P: Was it in 1927 when B'nai Israel became the center? Were you in that group
that started the new center?

R: Well, yes, about then.

P: In 1927?


R: Oh yeah, let me, I'll show you something in just a minute.

P: All right, tell us about when the center began. You were treasurer?

R: Yeah, I was treasurer at one time. I was kind of consistently helping.
They didn't exactly elect me, but they asked me to go out collecting. We
used to go out collecting together, and we used to have to go there some-
times to people to visit them to collect the dues.

P: What would happen if they didn't have the money?

R: Well, at that time they didn't need very much. You know, they didn't keep
any for Mr. Safer. I don't know whether he was getting any salary or not.
I don't remember. After they built that center, they had to have some
money. They got by pretty good.

P: Did your social life revolve around the center? Did y'all have a lot to do
at the center?

R: Oh, yeah. We kept meeting people and they had social things too. When I
came in 1911, there was a ghetto, but everybody was trying to make a living.
You know Ben Setzer, when he came over, he went to work in a woodyard and
chopped wood. Three and a half dollars a week. And sometimes I had to go
to work down there at six o'clock in:the morning. The barroom in those
days used to keep open till twelve o'clock. So, sometimes Mr. Feldman used
to let me off in the afternoons, like two, three hours. So I came in one
time and Benny was sitting on the back step. I said, "What's the matter?"
You know he was a Pushaloter too.

S: You're talking about Ben Setzer?

R: Ben Setzer, yes. I say, "What's the matter?" He'd say, "The man says that
I'm not chopping enough wood for that three and a half dollars a week." I
said, "Tell you what you do. Tell him you'll charge so much a cord." When
I was off, I used to go in and help him chop the wood. And finally one
time, his boss come over and says."Well, are you trying to make four, five,
six dollars a week?" He says, "I know you was loafing." He didn't know I
was helping Ben chopping the wood. Benny used to get the biggest kick every-
time I'd see him in the ghetto. "Come here, Max. See this man here? He
used to chop wood and I used to get paid."

P: What were your children doing at this time in the 1920s? Were they active
socially in the center?

R: Well, they were small. Mildred, my older daughter, was very active in the

P: Did they go to Hebrew school?


R: Yes, they had Hebrew school. They all went to Hebrew school. Of course, at
that time, they didn't have the facilities like they have now.

P: How about youth groups like the Center Youth League or B'nai B'rith groups?
Were they active in those? Young Judea?

R: I can't recollect. I know I belonged to the Zionist organization. B'nai
B'rith, I don't remember when I joined that. Pushalot, that's the whole
thing. They ran this organization, yeah. We had a club too. We had a
picture of the young people. We used to go out for boat rides. I have a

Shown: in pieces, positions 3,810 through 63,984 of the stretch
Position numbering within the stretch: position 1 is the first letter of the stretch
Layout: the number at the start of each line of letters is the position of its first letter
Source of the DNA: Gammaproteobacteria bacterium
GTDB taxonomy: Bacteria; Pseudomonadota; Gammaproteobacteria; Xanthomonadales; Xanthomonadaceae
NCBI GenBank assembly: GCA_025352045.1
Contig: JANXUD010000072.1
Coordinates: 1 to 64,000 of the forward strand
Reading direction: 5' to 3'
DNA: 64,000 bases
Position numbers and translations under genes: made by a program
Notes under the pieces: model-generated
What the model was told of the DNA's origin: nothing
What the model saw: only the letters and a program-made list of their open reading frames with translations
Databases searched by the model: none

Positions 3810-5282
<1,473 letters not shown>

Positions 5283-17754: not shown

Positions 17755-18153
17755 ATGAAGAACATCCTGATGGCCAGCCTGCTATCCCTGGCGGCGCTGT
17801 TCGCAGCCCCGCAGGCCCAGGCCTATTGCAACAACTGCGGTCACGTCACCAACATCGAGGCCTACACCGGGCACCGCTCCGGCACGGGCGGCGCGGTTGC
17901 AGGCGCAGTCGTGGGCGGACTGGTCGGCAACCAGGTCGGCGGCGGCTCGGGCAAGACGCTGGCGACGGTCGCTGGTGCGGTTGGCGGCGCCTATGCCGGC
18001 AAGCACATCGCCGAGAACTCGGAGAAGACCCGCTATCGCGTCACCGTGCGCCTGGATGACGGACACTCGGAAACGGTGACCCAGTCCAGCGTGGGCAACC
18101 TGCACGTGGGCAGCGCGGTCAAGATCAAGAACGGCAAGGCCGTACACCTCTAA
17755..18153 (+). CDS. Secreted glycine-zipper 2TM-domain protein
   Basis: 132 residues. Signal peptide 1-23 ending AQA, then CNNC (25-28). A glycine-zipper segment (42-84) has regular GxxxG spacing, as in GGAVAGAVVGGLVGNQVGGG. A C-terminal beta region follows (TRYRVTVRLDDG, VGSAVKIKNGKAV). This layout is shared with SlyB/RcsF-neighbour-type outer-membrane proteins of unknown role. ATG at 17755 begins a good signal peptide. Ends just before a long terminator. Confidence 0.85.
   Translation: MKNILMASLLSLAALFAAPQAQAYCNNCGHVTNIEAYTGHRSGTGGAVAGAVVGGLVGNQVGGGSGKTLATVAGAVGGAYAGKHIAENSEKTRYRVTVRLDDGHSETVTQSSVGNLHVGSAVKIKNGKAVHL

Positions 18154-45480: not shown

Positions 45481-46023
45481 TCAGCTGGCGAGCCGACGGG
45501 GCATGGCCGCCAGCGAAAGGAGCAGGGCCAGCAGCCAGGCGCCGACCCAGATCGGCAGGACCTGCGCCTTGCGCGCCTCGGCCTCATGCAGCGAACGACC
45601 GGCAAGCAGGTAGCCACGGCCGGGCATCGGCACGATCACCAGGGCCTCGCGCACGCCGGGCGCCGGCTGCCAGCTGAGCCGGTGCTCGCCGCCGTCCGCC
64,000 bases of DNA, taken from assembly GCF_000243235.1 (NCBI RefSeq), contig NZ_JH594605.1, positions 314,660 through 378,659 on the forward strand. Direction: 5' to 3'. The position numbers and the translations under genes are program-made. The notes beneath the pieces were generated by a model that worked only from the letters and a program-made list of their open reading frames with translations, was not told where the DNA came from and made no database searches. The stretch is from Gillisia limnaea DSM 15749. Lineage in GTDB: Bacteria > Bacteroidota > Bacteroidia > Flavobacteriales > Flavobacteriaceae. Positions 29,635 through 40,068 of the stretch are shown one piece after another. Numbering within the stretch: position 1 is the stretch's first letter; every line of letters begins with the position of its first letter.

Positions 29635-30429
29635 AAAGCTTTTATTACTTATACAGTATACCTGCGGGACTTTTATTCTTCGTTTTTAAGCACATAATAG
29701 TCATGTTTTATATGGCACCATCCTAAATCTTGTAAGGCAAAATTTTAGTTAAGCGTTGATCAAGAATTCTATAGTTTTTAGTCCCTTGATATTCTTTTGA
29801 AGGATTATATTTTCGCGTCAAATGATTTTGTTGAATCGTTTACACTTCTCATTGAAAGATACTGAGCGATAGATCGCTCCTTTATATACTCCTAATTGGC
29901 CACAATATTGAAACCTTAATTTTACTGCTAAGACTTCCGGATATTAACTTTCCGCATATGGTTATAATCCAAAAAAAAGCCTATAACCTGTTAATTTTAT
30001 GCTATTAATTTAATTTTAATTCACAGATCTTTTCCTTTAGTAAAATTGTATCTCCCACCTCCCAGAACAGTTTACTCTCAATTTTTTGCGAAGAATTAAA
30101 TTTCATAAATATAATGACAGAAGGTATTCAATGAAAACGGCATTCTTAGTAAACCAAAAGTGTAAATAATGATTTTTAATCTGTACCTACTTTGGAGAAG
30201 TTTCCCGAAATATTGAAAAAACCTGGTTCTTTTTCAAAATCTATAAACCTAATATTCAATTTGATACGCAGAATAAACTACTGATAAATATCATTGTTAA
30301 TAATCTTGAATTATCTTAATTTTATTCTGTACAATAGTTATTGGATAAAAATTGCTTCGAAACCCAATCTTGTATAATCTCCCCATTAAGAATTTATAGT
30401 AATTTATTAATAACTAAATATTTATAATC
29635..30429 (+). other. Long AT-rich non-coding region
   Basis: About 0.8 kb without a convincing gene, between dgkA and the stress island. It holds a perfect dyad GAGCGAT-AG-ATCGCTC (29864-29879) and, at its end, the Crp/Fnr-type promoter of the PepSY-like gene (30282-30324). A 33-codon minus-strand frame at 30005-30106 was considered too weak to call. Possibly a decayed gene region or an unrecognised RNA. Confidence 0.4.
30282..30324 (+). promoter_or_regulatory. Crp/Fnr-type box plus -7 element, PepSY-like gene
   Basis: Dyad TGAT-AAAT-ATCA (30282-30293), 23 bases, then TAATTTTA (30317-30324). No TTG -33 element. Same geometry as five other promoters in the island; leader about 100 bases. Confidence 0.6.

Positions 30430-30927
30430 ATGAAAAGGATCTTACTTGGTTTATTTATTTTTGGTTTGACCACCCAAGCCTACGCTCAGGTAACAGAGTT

picture of that.

S: Where'd you go?

R: We used to go out on the boat rides on St. John's River, you know.

P: Were you a member of the YMHA [Young Men's Hebrew Association]?

R: Yeah, I was a member of the YMHA. Now the YMHA was built during my time.

S: Now, who organized it? Do you know?

R: It was the man who was running it. What was his name? Hurkovitch? I can't
think of his name right now. It was right across the street. Then they
built right across from Mr. Feldman's house on the corner of Duval and...
right across, I suppose, from Duval and Lee or....They built a Holiday, some
kind of an organization. What do they call themselves? Workmen's Circle,
I believe, that's what.

P: Those Wotkmen's Circles?

R: Workmen's Circles, yeah. They have another building they built right at
the corner. Right across the street from Feldman's. At that time, they
didn't have no zoning thing. You could build anything you want.

P: What year were you married?

R: We were married fifty-nine years yesterday [chuckle].

P: Oh, well, happy anniversary.

S: Happy anniversary, well.

R: That's even very nice. What do they call us? About fifty-nine years ago?

P: Well, when you got married in Jacksonville, did you have a big wedding?

R: No, they go to Baltimore to get married.

P: You went to Baltimore?


S: In 1917?

R: Of course my uncle fixed me up with a Baltimore girl there.

P: Well, what kind of weddings did they have in Jacksonville at that time?

R: I couldn't tell you.

P: Well, do you think most of them in Jacksonville were in the home?

R: Most of them was in the home. I tell you, the YMHA, they used to have some
nice affairs down there. Dances and different things, getting together over

P: Did they have weddings there too?

R: I think they had some weddings. Of course, I can't remember any, you know.

P: Were the Bar Mitzvahs big affairs in those days?

R: No, just regular Bar Mitzvahs.

P: Quiet family....

R: I don't think they, just the family. I don't think they ever made any re-
freshments or anything like that. I don't remember. They might, but I
wouldn't say.

P: Was Mrs. Feldman one of the originators of the Pushaloter Society?